The family of municipal minor crime police deputy chief Ly Rasy —who is charged with two killings and two attempted killings—proclaimed his innocence Monday, alleging that he is caught up in a dispute between more powerful officials.
Ly Rasy’s wife, Nguy Soroathana, 34, said her husband was jailed in an attempt to indirectly attack former Phnom Penh municipal police commissioner Heng Pov, who was abruptly removed on Jan 13 by way of promotion to a position of undersecretary of state at the Interior Ministry.
“They cannot do anything to Heng Pov, so they do it to my husband,” Nguy Soroathana said.
She also criticized local news reports for exaggerating and distorting the facts of her husband’s case in recent days.
Ly Rasy’s two Tuol Kok district villas were searched Saturday in connection with the deaths of Duong Sopheap, a young woman allegedly killed while in police detention last year, and Judge Sok Sethamony in 2003.
He is also accused of attempting to kill Municipal Court Prosecutor Ouk Savouth and National Military Police Commander Sao Sokha.
“All accusations in the newspapers are invented,” Nguy Soroathana said.
“These are all disputes between Sao Sokha, [National Police Commissioner] Hok Lundy and [Interior Ministry penal police department first deputy chief] Mok Chito with Uncle Heng Pov,” she said.
Hok Lundy and Heng Pov have both denied having a personal dispute.
Despite a public argument in a crowded restaurant with Heng Pov in Dec 12, 2003, Sao Sokha also denied on Monday having a dispute with the city’s former police chief.
Mok Chito declined comment.
Commenting on newspaper reports that $200,000 was found in Ly Rasy’s bank book during the police search on Saturday, Nguy Soroathana said the money belonged to Heng Pov.
Heng Pov confirmed Monday that the money was his.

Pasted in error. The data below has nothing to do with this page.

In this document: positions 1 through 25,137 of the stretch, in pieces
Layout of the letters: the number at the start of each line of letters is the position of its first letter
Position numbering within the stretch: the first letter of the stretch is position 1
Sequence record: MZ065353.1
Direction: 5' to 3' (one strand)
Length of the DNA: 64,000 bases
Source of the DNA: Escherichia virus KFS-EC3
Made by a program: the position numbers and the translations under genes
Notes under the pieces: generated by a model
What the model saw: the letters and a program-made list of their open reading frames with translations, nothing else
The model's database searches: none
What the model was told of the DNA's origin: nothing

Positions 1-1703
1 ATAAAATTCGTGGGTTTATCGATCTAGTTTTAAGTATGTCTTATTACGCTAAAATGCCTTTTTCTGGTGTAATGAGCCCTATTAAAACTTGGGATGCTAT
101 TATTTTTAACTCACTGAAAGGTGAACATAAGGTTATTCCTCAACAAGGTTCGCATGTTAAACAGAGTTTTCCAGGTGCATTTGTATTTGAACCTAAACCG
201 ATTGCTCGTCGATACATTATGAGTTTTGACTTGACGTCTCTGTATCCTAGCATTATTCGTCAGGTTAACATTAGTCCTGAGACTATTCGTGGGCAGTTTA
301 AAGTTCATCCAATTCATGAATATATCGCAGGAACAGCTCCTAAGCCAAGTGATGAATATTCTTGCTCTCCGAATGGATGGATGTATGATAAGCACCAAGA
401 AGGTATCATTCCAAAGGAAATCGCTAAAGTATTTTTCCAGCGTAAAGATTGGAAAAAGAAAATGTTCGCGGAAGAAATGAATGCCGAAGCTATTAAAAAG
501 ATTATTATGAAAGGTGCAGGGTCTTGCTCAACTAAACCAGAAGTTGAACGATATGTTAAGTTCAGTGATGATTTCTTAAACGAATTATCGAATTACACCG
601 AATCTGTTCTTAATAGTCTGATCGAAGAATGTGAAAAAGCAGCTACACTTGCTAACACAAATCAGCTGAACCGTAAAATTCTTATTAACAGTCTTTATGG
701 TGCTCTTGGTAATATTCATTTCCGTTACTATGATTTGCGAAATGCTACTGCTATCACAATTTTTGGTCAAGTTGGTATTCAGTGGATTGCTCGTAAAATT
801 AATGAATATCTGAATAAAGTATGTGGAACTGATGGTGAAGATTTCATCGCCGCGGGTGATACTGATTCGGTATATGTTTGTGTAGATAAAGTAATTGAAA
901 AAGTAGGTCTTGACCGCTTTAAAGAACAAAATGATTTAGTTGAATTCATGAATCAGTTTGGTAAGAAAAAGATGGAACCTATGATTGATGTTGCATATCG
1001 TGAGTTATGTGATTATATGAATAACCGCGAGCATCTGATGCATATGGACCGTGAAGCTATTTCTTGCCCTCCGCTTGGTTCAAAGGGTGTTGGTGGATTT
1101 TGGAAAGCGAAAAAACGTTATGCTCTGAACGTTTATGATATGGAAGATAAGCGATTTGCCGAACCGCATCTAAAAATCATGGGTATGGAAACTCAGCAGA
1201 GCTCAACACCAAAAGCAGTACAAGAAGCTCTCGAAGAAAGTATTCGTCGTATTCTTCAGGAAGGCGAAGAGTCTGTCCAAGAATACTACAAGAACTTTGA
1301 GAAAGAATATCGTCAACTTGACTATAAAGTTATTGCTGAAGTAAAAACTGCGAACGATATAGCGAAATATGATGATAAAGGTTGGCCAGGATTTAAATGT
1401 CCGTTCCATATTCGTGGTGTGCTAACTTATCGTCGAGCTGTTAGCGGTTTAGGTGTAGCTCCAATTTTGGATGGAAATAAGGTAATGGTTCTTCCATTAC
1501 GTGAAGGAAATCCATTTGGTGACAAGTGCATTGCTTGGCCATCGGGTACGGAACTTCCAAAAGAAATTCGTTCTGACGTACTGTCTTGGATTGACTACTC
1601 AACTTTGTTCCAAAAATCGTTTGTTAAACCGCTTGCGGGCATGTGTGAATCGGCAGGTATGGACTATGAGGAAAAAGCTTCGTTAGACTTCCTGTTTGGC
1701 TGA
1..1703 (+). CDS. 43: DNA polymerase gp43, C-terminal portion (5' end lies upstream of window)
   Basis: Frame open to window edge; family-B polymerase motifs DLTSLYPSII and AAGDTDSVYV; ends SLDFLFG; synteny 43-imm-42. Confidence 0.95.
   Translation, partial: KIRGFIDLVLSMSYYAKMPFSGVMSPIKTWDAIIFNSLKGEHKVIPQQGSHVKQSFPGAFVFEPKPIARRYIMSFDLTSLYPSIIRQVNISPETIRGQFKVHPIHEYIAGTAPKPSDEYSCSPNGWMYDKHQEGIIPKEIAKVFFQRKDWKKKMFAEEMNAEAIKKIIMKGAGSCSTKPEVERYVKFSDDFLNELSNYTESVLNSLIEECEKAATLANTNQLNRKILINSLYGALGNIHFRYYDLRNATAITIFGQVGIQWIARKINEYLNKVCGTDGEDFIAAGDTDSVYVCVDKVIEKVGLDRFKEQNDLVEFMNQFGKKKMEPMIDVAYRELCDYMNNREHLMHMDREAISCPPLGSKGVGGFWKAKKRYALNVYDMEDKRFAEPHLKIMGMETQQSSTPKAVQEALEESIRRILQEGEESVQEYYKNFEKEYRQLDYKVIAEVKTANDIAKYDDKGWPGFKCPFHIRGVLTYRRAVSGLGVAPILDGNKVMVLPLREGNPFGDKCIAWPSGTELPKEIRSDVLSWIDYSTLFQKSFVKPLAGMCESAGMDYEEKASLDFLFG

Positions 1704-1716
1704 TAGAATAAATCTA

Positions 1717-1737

“It’s my money, but I took it all back already,” Heng Pov said.
“The account only has $800 in it now. The balance was $200,000. It was my money that I allowed Ly Rasy to control,” he added.
“It’s a long story, so I would prefer to just allow the government to audit me,” Heng Pov said of the origins of the money.
Nguy Soroathana said the money was intended to buy construction materials for a Kandal province CPP office in Kien Svay district’s Banteay Dak commune.
Nguy Soroathana also denied media reports that the home where she and Ly Rasy lived cost $1 million. Rather, she said, it was purchased for $140,000.
Ly Rasy sold his second villa to his mother for $80,000, though it remained in his name, she said, adding that she did not know the amount of her husband’s salary, but that she earned more money than he did, taking commissions on bets.
A three-star police general said on condition of anonymity that his monthly salary is $42.50 plus clothing, gasoline and 23 kg of rice.
Koh Santepheap Daily newspaper reported Monday that Ly Rasy’s family had multiple bank accounts, a charge that the family denies. Both Ly Rasy’s wife and sister, who declined to be named, said that media reports had also been incorrect on a variety of other counts.
Koh Santepheap editor-in-chief Chea Sayna said he knows who is thought to be ultimately responsible for the crimes committed by some 10 police officials arrested in recent weeks, but had agreed not to reveal it to the public at the request of Hok Lundy.
“I know the truth but wait for the police investigation first,” Chea Sayna said by telephone.
“The national police commissioner sent a representative to meet me requesting that I not publish who stands behind this,” he added.